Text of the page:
Beginner’s Guide to Travel WritingOn August 29, 2018 by Elyse
In her nearly fifteen years crisscrossing England on horseback, Celia had survived roadside accidents, lousy weather and overpriced meals at the 17th century version of a tourist trap—but highway men were a first. A few miles outside the town of Whitchurch in Shropshire, two men had burst from the dense woods and onto the road. Judging by the pistols they tried—and failed—to conceal in bundles, they weren’t looking for directions.
Although her travels had taught her to keep an open mind, even she couldn’t help but be suspicious when they steered their horses right beside hers, separating her from her two servants and sole road trip companions. Even without clearly marked passing zones, this was aggressive horse riding.
Just when Celia was about to open her mouth and ask if they were familiar with ye old concept of personal space, they fell back and whispered to each other. For a while, at least. After they repeated the maneuver several times over the next few miles, Celia almost wished they’d just get on with it. She had sightseeing to do.
Before Anthony Bourdain introduced us to cuisine and culture from all over the world with a side of sass, before Rick Steves shamed us for overpacking and especially before everyone documented their every move on Instagram, there was Celia Fiennes.
Born in 1662 to a privileged family, Celia bucked the conventions of her time and took to the road in 1684. She didn’t stop until she had seen most of England. In 1702, she turned her notes into a travel memoir detailing her impressions of the places she visited. Although it was later published in the 19th century, she wrote it exclusively for private reading within her family, and her introduction cautioned readers not to “expect exactness or politeness in this book.”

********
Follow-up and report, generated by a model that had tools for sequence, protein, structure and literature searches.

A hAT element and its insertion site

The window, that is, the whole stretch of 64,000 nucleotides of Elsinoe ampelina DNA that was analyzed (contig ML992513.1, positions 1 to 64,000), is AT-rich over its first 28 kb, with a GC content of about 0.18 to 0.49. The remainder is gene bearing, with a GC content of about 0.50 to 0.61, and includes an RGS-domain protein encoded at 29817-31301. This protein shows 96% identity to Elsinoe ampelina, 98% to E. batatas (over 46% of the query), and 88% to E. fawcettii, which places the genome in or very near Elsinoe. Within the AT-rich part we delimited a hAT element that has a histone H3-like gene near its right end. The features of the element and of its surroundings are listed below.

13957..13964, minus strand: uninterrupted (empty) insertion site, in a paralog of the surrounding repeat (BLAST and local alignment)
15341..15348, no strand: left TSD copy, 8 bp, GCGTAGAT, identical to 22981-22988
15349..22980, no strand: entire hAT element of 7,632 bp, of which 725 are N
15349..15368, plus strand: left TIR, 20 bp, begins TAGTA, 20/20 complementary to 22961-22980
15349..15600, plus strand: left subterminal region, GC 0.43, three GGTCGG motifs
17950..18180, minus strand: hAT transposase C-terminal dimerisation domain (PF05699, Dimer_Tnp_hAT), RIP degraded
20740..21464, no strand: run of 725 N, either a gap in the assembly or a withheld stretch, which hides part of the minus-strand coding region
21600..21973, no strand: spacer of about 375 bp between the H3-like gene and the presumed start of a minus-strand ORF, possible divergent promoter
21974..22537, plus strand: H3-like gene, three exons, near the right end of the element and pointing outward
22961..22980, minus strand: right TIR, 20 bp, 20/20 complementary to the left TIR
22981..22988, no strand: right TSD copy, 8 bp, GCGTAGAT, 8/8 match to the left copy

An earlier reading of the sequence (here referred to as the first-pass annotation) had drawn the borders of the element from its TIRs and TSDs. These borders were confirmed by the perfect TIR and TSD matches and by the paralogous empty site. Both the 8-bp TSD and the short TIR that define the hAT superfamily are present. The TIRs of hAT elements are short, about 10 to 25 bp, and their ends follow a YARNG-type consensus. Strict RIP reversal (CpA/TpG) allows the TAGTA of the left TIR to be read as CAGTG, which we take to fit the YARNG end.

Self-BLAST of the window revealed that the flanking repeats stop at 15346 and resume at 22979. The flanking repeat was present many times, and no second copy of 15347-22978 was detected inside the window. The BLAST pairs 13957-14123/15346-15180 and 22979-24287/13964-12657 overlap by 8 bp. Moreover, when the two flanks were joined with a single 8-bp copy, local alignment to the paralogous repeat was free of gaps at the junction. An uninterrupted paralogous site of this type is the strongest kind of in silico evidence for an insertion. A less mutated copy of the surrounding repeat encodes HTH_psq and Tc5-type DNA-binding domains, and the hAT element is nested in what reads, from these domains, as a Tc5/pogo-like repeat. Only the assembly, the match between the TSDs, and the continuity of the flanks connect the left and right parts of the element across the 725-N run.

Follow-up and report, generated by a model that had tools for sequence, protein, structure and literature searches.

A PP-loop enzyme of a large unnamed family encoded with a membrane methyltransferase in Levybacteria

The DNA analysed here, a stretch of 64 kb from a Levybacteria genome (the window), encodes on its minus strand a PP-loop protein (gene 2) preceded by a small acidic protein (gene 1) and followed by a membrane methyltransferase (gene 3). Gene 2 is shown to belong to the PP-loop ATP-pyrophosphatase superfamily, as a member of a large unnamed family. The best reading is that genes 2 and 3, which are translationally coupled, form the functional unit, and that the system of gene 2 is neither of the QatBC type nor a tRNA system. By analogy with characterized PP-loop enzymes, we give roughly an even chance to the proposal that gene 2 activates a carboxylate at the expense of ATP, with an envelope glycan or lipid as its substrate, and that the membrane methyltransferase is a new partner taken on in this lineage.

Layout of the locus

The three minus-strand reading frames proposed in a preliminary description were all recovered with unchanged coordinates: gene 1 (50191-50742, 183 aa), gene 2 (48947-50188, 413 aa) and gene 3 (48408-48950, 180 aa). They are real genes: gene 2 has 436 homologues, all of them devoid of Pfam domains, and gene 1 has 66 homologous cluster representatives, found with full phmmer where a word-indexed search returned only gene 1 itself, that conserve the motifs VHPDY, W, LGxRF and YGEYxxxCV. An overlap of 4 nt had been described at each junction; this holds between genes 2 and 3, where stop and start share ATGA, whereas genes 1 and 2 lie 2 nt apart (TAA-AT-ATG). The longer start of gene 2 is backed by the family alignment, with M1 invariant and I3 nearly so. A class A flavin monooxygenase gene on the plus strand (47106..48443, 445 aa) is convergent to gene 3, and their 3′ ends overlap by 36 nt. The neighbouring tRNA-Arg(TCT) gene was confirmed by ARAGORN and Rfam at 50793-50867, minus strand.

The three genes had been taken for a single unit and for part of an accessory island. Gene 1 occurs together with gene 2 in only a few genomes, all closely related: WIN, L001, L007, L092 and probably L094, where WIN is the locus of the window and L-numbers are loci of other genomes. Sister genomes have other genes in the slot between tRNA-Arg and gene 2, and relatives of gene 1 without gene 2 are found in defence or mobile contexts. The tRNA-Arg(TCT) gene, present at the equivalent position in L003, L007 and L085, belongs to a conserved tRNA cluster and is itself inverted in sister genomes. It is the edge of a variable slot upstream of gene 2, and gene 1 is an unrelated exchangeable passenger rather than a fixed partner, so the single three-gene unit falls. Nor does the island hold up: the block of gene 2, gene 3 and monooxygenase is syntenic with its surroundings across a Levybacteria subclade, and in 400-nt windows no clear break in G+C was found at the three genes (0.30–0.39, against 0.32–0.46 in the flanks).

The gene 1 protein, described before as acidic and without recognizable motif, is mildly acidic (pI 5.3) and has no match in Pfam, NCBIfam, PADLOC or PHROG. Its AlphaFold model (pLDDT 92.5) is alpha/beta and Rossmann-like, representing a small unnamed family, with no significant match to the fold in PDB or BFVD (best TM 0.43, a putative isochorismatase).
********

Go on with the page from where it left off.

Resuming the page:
She didn’t disappoint on the latter. Of her trip to the spa town Harrogate in North Yorkshire, she complained:
“There is the Sulpher or Stincking spaw, not Improperly term’d for the Smell being so very strong and offensive that I could not force my horse Near the Well.”
The urge to leave one-star Yelp reviews appears to transcend centuries.
That’s not to say she wasn’t impressed by anything she saw in her travels. While touring the royal apartments at Hampton Court, she wrote about “a Closet yt Leads to a little place wth a seate of Easement of Marble wth sluces of water to wash all down.” Celia had just discovered the wonders of flush toilets.
Fortunately for Celia and her future readers, her journeys didn’t end on the road to Whitchurch. As luck would have it, it was market day, and the closer she drew to town, the more people she met on the road. The would-be bandits, apparently unfamiliar with the bystander effect, eventually rode off, leaving Celia to make her insightful, snarky observations in peace.
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